It’s March and the school year is already more than halfway over; by now your acceptance letters have arrived, and you’re in – congratulations! Here comes the hardest part: making your final decision on one school.
It is imperative to look for schools that offer the right courses and activities fitted for you, specified in the particular study that you wish to undertake. If you’re still unsure about what it is you’d like to do, an advised tip is to search for a school with a broad-based liberal-arts program. In addition, of course the school’s location plays a major role in the decision making process. It’s important to do some research in the area where the school is based. Find out what the town/city has to offer, what the area’s culture is like, and decide if you could feel at home there. The size of the school is something to think about as well. Do you want to be sitting in a lecture hall class, or would you rather have the student to teacher ratio to be much smaller? Do you feel comfortable without having more individualized classroom attention or would you rather have a more hands-on approach? If you think you might be overwhelmed at a large university, then highlight the schools with a smaller number of students.
Once you begin narrowing the selection down, you will most likely be participating on quite a few college visits, as you should. As schools offer very informative open houses consisting of information sessions, breakout sessions, campus tours, it helps to step away from all of that for a short while. Maybe stay a short while after the open house is over and just observe what’s going on around you. “Sit on the quad, away from the tour guides and away from the admissions counselors,” says Laura Hartnett, a senior at American University, “Then you’ll get the experience of the school and what it’s like to sit on the quad, which is a big part of being in college … [and] being a part of that community.” Here is when you think about whether you could picture yourself at that college or not and whether or not this is the environment for you. A rich social life is crucial in college, as it’s your time to develop as a person, meet new people, and try new things. Do some research on the schools you’re interested in and find out if any of the clubs or organizations catch your eye or if you’re interested in big-time athletics, make sure your school has the teams and sports you want to participate in.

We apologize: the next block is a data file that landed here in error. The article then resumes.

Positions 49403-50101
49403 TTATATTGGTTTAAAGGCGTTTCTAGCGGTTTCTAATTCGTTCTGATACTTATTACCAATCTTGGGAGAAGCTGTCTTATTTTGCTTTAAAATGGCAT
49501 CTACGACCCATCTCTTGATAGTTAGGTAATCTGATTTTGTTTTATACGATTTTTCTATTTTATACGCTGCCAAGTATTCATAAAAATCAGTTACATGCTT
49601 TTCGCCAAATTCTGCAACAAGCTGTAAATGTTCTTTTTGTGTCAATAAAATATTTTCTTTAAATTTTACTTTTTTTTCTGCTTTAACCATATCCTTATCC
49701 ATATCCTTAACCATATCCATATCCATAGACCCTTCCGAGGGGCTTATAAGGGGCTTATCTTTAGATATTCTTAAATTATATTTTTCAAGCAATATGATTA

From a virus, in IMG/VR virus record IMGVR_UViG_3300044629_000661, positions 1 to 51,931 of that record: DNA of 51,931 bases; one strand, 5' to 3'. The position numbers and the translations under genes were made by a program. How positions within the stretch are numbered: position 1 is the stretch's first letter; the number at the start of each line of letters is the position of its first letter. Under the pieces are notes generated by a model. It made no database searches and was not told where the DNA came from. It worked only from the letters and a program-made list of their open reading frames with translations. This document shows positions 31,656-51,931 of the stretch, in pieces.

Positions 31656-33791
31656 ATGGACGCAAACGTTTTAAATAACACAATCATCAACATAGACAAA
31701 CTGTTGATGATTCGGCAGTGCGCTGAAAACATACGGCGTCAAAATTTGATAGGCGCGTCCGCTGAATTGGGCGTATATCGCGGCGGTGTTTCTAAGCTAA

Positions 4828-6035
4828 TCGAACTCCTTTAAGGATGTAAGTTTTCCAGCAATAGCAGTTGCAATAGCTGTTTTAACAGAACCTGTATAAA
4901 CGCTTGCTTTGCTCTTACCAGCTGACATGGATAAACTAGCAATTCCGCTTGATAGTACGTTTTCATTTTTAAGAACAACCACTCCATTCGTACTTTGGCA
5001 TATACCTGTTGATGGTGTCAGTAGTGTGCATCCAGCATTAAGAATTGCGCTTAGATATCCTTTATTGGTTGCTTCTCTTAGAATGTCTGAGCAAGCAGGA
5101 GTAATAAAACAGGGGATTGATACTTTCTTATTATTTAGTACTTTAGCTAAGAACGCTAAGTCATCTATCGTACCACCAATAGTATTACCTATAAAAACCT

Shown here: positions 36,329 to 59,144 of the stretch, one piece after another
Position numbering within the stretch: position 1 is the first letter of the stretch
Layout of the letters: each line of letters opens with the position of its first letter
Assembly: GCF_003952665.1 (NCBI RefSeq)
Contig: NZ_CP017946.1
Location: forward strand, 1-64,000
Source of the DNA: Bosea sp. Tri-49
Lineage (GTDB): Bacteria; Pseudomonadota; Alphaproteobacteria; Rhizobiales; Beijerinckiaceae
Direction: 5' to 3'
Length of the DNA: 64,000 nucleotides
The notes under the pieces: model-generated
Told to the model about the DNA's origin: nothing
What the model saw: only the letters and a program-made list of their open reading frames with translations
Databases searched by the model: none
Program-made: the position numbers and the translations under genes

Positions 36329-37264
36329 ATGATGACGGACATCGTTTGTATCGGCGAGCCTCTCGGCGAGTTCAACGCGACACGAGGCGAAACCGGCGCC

As there are many steps in selecting a college, one of the most important factors to think about is the cost. Find out what the tuition, fees, room and board charges will be at your top schools. You should most definitely also find out what the average student pays after financial aid is factored in, as the results may surprise you. It also never hurts anyone to look into scholarships, as there are thousands of scholarship open to college applicants. It is extremely important to be mindful of debt post-college.
There are so many aspects to look into when it comes to picking a school. People are always open to talk about their college experiences and it’s never harmful to ask college alumni, family, or friends. However in the end, it’s important to go with your gut. “You’re getting harassed by different schools’ student/staff callers/emailers regarding why their school is the one you should attend,” wrote Benny Kuo, who aspires to be a college admissions officer. “I suggest [students] choose the school that FEELS right.” The vital key in your decision is that it has to be your choice and only yours. No one can decide for you and no one can properly place you somewhere. College is a time to expand your horizons and find yourself.